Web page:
George Osborne’s planned budget surplus requires some heroic and wholly implausible assumptions

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As I have long explained, if the government is to run a surplus within the economy somebody else has to borrow. That's basic double entry book-keeping at play at a national level. It's a fact that cannot be ignored or denied. What that also means is that if the government is to clear a big deficit somebody else has to borrow a lot more. This fact is reflected in the following chart from yesterday's Office for Budget Responsibility forecasts:

Screen Shot 2015-07-09 at 07.15.49

The bottom, red line, is government borrowing. The grey area is the forecast. And the requirements for a government deficit are:

1) Households stick with much higher lending then they did from 2009 to 2013

2) The overseas sector borrows much more in the UK (which effectively requires a significant improvement in the balance of trade)

3) Business borrows heavily, which goes against a trend that has been persistent from at least 2001.

Unless those happen as a matter of fact George Osborne will not clear his deficit.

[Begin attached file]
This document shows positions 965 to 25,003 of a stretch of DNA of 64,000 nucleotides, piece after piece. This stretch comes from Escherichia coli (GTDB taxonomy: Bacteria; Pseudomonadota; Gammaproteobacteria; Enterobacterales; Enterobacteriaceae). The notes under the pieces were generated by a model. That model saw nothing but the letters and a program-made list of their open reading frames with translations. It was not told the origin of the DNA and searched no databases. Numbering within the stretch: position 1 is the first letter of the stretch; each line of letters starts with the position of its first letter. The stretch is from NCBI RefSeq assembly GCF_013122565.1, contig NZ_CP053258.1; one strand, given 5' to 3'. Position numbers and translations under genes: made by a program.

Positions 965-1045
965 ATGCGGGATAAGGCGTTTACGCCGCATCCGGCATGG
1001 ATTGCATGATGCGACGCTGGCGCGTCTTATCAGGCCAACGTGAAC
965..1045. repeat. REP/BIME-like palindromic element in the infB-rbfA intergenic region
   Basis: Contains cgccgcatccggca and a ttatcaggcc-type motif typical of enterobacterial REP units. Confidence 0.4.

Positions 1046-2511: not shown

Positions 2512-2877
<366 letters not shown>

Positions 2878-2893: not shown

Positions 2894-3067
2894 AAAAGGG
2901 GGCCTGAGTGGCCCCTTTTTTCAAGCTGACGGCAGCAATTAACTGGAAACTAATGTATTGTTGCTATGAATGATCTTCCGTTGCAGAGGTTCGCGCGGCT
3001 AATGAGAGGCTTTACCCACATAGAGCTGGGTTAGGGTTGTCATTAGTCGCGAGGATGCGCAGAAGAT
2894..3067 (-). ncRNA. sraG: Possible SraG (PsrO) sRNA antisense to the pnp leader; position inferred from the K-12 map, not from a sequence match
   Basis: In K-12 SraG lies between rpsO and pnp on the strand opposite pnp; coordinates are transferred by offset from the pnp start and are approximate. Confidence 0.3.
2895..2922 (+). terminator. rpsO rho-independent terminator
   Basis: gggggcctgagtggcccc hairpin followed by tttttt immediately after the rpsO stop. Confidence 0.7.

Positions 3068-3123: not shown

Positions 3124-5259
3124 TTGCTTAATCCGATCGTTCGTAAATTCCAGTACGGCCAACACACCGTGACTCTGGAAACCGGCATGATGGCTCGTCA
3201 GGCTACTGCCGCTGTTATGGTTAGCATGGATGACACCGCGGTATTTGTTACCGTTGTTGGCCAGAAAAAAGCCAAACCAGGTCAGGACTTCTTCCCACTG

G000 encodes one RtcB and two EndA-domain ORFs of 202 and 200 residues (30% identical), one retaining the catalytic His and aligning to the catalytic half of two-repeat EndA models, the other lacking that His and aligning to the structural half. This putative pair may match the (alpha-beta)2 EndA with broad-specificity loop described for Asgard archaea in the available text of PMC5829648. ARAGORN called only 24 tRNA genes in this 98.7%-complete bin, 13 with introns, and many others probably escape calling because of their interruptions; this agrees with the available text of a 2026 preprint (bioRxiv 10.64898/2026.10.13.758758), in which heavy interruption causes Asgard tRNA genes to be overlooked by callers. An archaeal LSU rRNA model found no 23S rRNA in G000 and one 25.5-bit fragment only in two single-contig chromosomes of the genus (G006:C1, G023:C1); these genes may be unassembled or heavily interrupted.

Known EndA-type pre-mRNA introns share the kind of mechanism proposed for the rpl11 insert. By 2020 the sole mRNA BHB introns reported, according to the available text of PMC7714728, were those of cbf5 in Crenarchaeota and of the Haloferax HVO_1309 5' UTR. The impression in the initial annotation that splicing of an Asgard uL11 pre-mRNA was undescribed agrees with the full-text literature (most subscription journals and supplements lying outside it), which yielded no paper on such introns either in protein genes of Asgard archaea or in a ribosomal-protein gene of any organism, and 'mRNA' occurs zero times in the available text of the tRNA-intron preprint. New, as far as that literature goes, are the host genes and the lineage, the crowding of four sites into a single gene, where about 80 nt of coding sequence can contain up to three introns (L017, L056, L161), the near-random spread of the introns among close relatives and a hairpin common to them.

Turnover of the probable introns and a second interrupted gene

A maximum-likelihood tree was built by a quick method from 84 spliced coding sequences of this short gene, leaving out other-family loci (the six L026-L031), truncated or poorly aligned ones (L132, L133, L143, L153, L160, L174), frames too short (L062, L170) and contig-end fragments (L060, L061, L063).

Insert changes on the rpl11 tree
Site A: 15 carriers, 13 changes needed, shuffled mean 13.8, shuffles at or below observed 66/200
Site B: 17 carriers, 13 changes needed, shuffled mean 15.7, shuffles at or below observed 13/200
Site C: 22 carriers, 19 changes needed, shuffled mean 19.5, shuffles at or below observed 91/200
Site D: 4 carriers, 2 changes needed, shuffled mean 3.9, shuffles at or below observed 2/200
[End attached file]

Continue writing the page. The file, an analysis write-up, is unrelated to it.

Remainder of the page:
It's important to note that he has missed all his previous forecasts on deficit reduction and I have to say I think he will do so again. To illustrate the point, the apparently innocuous flat line on personal borrowing requires substantial increases in household debt, as this OBR forecast shows:

Screen Shot 2015-07-09 at 07.26.06

First, that implies a massive change of behaviour for which there is no evidence right now. Second, the resulting ratios imply dangerous levels of borrowing in the household economy that exceed pre-crash levels. The implications are obvious.

The assumed change in business behaviour is equally dramatic:

Screen Shot 2015-07-09 at 07.29.59To get to required borrowing levels business investment will have to reach real levels substantially higher than anything seen in the Uk for the last 35 years.

Someone is living in cloud cuckoo land if they think that this is going to happen.

And it's only in cloud cuckoo land that Osborne's budget will balance as a result because these assumptions are not just heroic, they are utterly implausible.

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